This flagship scheme of 130 extra care homes for the over 55s comprises 109 one bedroom and 21 two-bedroom apartments built to a high specification for Torus Group.
The building also includes communal facilities; a bistro and hairdressers which are open to the public within a large foyer which opens out onto extensive secure, landscaped grounds overlooking the St Helens Canal.
SIG Design & Technology spoke to project architect Phil Malthouse and Daniel Nelson of installer Longworth who worked on the project.
The site has been designed by the Liverpool architects Brock Carmichael as part of a masterplan for an area of the city centre adjacent to the housing association Helena Homes’ headquarters, which is now part of Torus Group.
One of the largest developments in St Helens, the building is a focal point on entry to the city centre and was welcomed by the local planning authority for its contemporary appearance and the use of high quality brickwork and zinc cladding.
The large site backs on to the canal; there is no ‘front and back’ to speak of – each façade is very visible. With very little site context, the building had to stand on its own, with no place to hide.
Meanwhile Torus are building an asset for rent, which they will own for 30 years. The building had to be long lasting, low maintenance, and aesthetically pleasing. The choice of massing, materials, detailing and execution are all important to the long term quality appearance of the scheme.
Zinc cladding was chosen as part of this clear strategy to use quality materials. Such a high profile building attracts attention, and the LPA head of planning insisted on quality materials, including the brick, which is Ibstock Grainger Antique.
The form of the building is broken up into sections representing notional individual units, separated by vertical angled zinc cladding with balconies. The cladding runs down to the ground and also envelops the neat entrance canopy that acts as a focal point for visitors.
Brock Carmichael chose angled standing seam cladding for a number of reasons. Without a pitched roof, the top floor cladding helps the building to seem smaller, and the elZinc Slate colour assists in the visual effect. Using an angled (rather than a double lock) seam keeps the verticals very straight and improves the robustness of the finish.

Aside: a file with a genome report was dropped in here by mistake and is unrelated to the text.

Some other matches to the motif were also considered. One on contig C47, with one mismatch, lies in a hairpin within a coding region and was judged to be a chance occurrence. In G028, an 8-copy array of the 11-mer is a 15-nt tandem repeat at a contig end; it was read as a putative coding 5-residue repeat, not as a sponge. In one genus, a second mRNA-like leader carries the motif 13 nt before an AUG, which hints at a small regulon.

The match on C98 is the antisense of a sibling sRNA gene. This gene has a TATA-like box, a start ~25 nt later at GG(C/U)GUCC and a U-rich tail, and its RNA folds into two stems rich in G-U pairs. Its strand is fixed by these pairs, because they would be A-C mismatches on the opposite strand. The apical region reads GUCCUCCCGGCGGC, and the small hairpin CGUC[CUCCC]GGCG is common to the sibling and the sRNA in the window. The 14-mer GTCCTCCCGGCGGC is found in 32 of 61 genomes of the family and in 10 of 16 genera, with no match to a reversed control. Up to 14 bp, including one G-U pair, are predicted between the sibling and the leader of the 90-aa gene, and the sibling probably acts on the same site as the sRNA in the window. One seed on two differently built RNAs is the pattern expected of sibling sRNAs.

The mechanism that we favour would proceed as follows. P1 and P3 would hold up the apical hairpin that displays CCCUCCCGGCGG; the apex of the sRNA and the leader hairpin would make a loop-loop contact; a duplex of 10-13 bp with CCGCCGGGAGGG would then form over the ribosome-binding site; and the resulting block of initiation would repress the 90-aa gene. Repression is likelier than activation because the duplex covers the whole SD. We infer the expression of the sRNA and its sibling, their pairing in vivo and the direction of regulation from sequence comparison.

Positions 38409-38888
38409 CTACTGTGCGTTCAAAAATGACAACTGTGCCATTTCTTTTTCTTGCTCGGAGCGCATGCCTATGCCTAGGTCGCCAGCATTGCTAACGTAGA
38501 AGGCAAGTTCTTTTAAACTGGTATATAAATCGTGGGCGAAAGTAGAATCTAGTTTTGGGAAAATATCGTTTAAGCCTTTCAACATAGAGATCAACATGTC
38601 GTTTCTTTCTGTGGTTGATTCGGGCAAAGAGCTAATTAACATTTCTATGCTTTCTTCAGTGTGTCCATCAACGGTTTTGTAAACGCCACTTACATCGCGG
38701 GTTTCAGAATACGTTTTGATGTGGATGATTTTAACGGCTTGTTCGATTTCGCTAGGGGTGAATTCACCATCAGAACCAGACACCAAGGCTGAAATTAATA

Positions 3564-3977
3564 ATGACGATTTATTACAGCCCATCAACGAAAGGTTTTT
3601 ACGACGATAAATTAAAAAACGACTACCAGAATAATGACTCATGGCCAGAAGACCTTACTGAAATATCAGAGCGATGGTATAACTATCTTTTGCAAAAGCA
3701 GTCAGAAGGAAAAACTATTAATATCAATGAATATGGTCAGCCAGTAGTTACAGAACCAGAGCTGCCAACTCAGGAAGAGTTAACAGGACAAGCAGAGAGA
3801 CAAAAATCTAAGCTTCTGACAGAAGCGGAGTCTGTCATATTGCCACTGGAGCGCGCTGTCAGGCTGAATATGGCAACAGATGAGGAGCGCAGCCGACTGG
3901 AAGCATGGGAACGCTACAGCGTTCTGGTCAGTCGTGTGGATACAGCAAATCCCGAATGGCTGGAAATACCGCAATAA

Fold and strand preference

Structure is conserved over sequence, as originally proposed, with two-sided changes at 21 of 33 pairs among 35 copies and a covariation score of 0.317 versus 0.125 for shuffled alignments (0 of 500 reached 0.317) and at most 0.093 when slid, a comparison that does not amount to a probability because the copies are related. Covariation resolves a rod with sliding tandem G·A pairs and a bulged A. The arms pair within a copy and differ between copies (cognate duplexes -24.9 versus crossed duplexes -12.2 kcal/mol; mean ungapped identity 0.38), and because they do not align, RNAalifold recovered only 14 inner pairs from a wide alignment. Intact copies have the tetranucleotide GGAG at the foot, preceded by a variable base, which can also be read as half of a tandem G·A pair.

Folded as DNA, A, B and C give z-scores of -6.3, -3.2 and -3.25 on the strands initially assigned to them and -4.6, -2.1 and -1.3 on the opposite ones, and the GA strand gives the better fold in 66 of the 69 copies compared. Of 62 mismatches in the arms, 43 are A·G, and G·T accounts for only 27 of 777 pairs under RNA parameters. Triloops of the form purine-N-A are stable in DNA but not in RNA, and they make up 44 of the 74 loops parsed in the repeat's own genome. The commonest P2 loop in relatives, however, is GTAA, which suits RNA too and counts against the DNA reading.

On a project with a tight budget which is to be executed through Design & Build, taking the right design approach is important to ensure success. “There is no point in over-specifying,” Malthouse says. “Work with a strong form and quality materials – this can help avoid value engineering. If you look at our concept sketches, they are very similar to the finished building.”
Brock Carmichael worked with the client to stage 3, at which point contractors were interviewed and the project was tendered as Design & Build. The practice was then novated to the contractor, and the influence of the architect on the outcome of the project can be considerably reduced.
“Whilst our involvement in the execution on site was limited, we managed to keep the zinc cladding from being engineered out of the project”, says Malthouse. “This was due to the high visibility of the project with the LPA, but mostly to the work of Simon Walker at SIG Zinc & Copper did to keep the zinc in the contract.”
The project started on site in mid 2017, a few weeks before the Grenfell tragedy. The client’s development director made an immediate decision to change the specification, and the building has non-combustible insulation and a full sprinkler system.
Later, the main contractor went into administration, but the project will complete, and the cladding installation was completed a few weeks before the first lockdown in March 2020.
The zinc cladding was designed and installed by specialist roofing contractor Longworth. On a project of this size, it is normal to produce a full set of drawings based on measurements taken on site. The vertical zinc areas include a number of windows and balconies, and each is bounded by brickwork, so there was plenty of setting out.
“We fabricated the panels on site,” Daniel Nelson, Traditional Roofing and Cladding Manager at Longworth, explained. “This is much more practical with a project of this size, when factory fabrication would have meant scheduling weeks or months in advance.” If there are any discrepancies, they can be dealt with on site much more easily.
Advice for Architects
Phil and Daniel are in agreement when it comes to their advice for architects. Go in early for the best advice.
“Early engagement is key,” says Daniel Nelson. “The sooner you can talk to SIG and a specialist subcontractor such as Longworth about what you want, and they can explain what can and cannot be done, the sooner you can find an appropriate solution. So many issues can be eliminated far in advance by sharing information.”
Phil agrees. “Don’t design it and then try and find something to fit your design. Use a specialist who understands the limits of the material and how you can use it to get the aesthetic you want.
“Don’t try to design everything bespoke either. If you can get 5-10 key details that you really care about, work on them and fight for them. Choose the things people will see – the entrance, canopies, the first floor. They all look great.”
Phil Malthouse is full of praise for the team at Longworth and SIG Zinc & Copper who worked on the cladding design, supply and installation. “I’m very pleased with the finish, and the detail has worked out really well. If you get the right people in early – as soon as you have an idea what you want to do – this can bring benefits later on.”